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Women Supporting Women Writing About Women

Friday from the Archives: “Therese Anne Fowler and Maligned Women: Setting the Story Straight
on Zelda Fitzgerald and Alva Vanderbilt Belmont”
an Interview by Sheryl Cornett from NCLR 27 (2018).

“Other writers are not your competition. They are your sustenance.” -Karen Joy Fowler, quoting Ursula Le Guin.

In this day and age, one hopes to replace “writers” with “women,” as shown by this interview between friends and colleagues and fellow writers, Sheryl Cornett and Therese Anne Fowler. Cornett writes, “This tweet’s timeliness is a reminder of the sunny person and friend Therese Anne Fowler is to many writers, both local and national, and an inspiring example to literary artists on various stages of the publication journey.”

The interview covers these topics, from writing to publishing to selling books, as well as some behind-the-scenes tidbits from the television adaptation of Fowler’s novel Z by Amazon. The best-selling book is told from the perspective of Zelda Fitzgerald, who spent the later years of her life in and around Asheville. Fowler says, “When writing about real people – even in fiction – it is, in my view, unethical to be lazy or false with the representations of those people.”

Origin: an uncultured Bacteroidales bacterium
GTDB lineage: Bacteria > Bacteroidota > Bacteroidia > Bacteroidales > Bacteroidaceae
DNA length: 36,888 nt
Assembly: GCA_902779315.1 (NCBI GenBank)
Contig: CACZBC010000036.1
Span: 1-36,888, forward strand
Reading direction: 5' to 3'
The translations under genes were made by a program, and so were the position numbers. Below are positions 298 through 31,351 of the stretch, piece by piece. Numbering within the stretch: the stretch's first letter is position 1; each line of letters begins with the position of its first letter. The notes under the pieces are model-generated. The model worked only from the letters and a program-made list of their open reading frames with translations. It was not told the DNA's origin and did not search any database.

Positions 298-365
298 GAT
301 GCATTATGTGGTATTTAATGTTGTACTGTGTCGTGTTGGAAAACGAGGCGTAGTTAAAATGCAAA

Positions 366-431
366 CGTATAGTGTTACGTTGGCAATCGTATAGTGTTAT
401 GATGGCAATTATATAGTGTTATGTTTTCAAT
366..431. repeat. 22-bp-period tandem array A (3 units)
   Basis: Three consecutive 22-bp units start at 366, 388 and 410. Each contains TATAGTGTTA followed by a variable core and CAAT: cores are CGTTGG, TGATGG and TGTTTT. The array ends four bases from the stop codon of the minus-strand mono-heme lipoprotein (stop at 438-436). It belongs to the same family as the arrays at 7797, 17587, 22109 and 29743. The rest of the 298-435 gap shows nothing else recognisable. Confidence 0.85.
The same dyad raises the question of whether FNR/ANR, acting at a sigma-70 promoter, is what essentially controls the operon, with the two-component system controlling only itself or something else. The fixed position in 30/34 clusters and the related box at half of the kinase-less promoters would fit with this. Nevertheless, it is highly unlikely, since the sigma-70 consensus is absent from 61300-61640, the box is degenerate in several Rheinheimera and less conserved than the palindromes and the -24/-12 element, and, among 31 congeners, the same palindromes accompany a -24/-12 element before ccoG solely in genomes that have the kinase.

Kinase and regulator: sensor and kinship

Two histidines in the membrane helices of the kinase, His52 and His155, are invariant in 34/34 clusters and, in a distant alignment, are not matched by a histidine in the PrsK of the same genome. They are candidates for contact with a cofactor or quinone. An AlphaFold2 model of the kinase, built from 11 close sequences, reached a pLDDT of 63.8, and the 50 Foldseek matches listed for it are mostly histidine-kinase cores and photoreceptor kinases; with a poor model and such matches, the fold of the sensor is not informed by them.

She talks about the lengths of research she went to in order to accurately tell Zelda’s story, and the Vanderbilt story she published next. When Cornett asks what was pleasurable about the depth of research for the historical fiction story, Fowler remarks, “The pleasure was in ultimately getting to the truth of who they were,
in understanding how and why things went so wrong and then being able to tell that story. The challenge was in getting to the truth!”

NCLR looks forward to Fowler’s next book coming this fall!

Read the article on ProQuest and order the 2018 issue for your collection.